Reed Smith Client Alerts

A SPAC is a special purpose acquisition company, also called a blank check company because it is a shell with no commercial operations. A team of “sponsors” forms the SPAC, which raises capital through an IPO. That capital is placed in an interest-bearing escrow account.  The sponsors have up to two years to find a target company and effectuate a suitable merger or acquisition, subject to shareholder approval. This is called the de-SPAC transaction. The result of a de-SPAC transaction is a new publicly traded company.

The recent surge in SPACs

SPACs have exploded in popularity because forming a new, publicly traded company with a SPAC can be accomplished more quickly than through a traditional IPO. In 2019, $13.9 billion was raised across 59 SPACs. In 2020, the figures grew exponentially to over $83 billion raised across 248 SPACs. As of August 27, 2021, SPAC sponsors have raised over $122 billion across 416 SPACs.

With more SPACs comes more litigation

SPACs were a more popular target for federal class action lawsuits in the first half of 2021 than “other hot-button litigation areas, such as Covid-19 or cryptocurrencies.” (SPACs Are Having Their Day–In Court, Wall Street Journal, August 25, 2021). Prior to the surge in SPACs in 2019, there were only two class action lawsuits concerning SPACs in federal court. Eight months into 2021, 19 SPAC-related class action lawsuits have been filed.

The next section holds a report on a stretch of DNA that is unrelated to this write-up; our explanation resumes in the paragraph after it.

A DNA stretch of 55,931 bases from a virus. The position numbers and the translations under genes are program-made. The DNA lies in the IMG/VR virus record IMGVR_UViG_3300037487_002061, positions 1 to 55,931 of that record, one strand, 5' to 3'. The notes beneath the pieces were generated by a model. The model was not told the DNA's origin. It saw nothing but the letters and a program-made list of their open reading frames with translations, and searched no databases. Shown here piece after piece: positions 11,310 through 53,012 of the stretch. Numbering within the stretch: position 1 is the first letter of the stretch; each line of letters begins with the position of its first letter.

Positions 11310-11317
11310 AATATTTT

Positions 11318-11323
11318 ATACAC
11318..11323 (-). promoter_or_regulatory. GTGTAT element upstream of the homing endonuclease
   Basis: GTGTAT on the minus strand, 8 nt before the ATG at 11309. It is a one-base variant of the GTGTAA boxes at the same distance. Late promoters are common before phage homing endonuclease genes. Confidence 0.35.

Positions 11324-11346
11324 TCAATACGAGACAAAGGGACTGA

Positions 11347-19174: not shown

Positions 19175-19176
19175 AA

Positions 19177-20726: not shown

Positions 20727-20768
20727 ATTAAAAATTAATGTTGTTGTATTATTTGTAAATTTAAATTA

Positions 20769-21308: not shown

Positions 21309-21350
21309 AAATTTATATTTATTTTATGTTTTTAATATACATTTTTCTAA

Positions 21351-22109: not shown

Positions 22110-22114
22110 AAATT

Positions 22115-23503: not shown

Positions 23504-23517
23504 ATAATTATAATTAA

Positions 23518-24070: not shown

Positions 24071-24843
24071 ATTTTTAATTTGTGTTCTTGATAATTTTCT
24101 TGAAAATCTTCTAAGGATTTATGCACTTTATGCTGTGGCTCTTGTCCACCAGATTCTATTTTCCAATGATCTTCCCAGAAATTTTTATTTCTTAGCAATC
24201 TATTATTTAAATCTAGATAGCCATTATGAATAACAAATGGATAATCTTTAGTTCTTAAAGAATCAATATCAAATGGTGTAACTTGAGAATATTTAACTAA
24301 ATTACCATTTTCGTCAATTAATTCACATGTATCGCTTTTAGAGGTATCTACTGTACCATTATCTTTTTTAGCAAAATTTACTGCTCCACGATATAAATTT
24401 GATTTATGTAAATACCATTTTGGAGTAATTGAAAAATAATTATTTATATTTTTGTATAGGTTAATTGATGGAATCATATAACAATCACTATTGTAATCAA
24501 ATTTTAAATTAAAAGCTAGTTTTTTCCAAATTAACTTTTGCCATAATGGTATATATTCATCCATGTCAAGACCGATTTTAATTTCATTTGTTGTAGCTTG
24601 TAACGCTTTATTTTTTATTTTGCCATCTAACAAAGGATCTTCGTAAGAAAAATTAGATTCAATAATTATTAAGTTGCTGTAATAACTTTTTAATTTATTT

SPACs are also exposed to heightened regulatory scrutiny

Sixty law firms, including Reed Smith, “have united in opposition to recent lawsuits” filed by shareholders that argue SPACs should be regulated as investment companies under the Investment Company Act of 1940. Should these plaintiffs prevail, SPACs would be subject to a new regulatory regime, including certain disclosure requirements that generally do not apply to typical IPOs or mergers (49 Law Firms Push Back Against Litigation Targeting SPACs, Law360, August 27, 2021).

The Securities and Exchange Commission (SEC) has also tightened regulatory and enforcement efforts regarding SPACs. On April 12, 2021, the SEC issued guidance advising that SPAC warrants (instruments that allow investors to buy additional shares at a fixed price) may need to be classified as liabilities rather than equity for many SPAC transactions.

In Lavin v. Virgin Galactic Holdings Inc. ‒ a putative class action complaint filed in federal court in Brooklyn ‒ the plaintiff alleges that the defendants violated the Securities Exchange Act by failing to treat its SPAC warrants as liabilities rather than equity, in accordance with the SEC’s April 12 guidance.

One can expect to see growth in this area as the SEC strengthens its oversight against the heated SPAC market.